We proceeded across the paddy to the high ground on the other side that bordered the stream we were to cross. We had crossed the paddy on a dike that was only about 50 meters away from and parallel to the original route that we had used that afternoon. As we came onto the high ground we veered back towards the original route to circumvent the natural obstacles of vegetation and tree stands. We crossed the original route and then paralleled it to the other side about 10 meters.
We were crossing through a graveyard on the high ground when the word was passed up to me that the column was broken. Somewhere back in the second squad in my platoon, somebody had lost sight of the man behind him in the darkness. I halted my team in the graveyard and we took cover behind grave mounds. The last man in our section of the column was sent back to retrace his steps to find the column. He found them at the intersection with the original route moving along that one. The column was corrected but there was an entire squad missing. The word was passed to me that the column was found but there was a squad missing somewhere behind us. We were not to move until the word was passed.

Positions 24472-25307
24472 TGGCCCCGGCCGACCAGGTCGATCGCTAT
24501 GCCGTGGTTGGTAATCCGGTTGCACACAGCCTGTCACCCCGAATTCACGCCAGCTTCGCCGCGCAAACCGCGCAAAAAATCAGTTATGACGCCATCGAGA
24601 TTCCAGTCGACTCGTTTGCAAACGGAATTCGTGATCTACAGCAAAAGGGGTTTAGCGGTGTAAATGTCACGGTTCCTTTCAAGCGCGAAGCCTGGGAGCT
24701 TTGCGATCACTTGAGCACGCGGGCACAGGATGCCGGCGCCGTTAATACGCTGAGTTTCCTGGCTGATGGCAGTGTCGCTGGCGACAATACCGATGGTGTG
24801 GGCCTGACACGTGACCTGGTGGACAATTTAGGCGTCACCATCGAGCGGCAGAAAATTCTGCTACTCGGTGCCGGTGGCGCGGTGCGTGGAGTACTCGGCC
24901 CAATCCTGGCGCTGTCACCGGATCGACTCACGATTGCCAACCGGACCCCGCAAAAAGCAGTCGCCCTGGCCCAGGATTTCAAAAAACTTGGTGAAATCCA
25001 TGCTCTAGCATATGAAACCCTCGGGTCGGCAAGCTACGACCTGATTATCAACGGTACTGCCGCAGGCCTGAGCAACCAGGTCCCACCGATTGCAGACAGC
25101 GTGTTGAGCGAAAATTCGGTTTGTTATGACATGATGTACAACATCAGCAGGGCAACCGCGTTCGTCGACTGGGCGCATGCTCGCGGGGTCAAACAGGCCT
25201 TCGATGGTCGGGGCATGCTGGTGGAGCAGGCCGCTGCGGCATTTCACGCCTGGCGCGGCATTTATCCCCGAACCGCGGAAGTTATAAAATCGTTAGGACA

I heard a low rustling and looked in front to where PFC Putnam was ducking behind his cover grave and turning his M-16 to the right. He made several pointing gestures in that direction. At the edge of the graveyard was a bushline and just the other side of it was the silhouette of a man with a rifle. Then there were silhouettes of several others moving to within a few feet of that one and stopping. They did not appear to know we were there. I crawled to PFC Putnam, told him not to fire until I gave the word, and then crawled back to the other edge of the graveyard and passed the word back for the machine gun team to come up.
In a few seconds, LCpl Nava arrived with his M-60 and his assistant gunner. I told him what I had and sent him to a particular grave to set up the gun and wait for me to fire first. I returned to PFC Putnam and told him the same and then returned to my cover grave. There seemed to be a conference going on amongst the silhouettes, probably determining how to set up their ambush. They were bunched together making an easy target. One of the silhouettes stepped away from the bunch. This was it. We would attack before they could spread apart. As I aimed in on the one stepping away from the group and began to squeeze the trigger, a giant flash rose up on all sides of my target and blinded me as an explosion shook the earth. All of the targets disappeared. In the graveyard, we were stunned and unsure as to what had happened.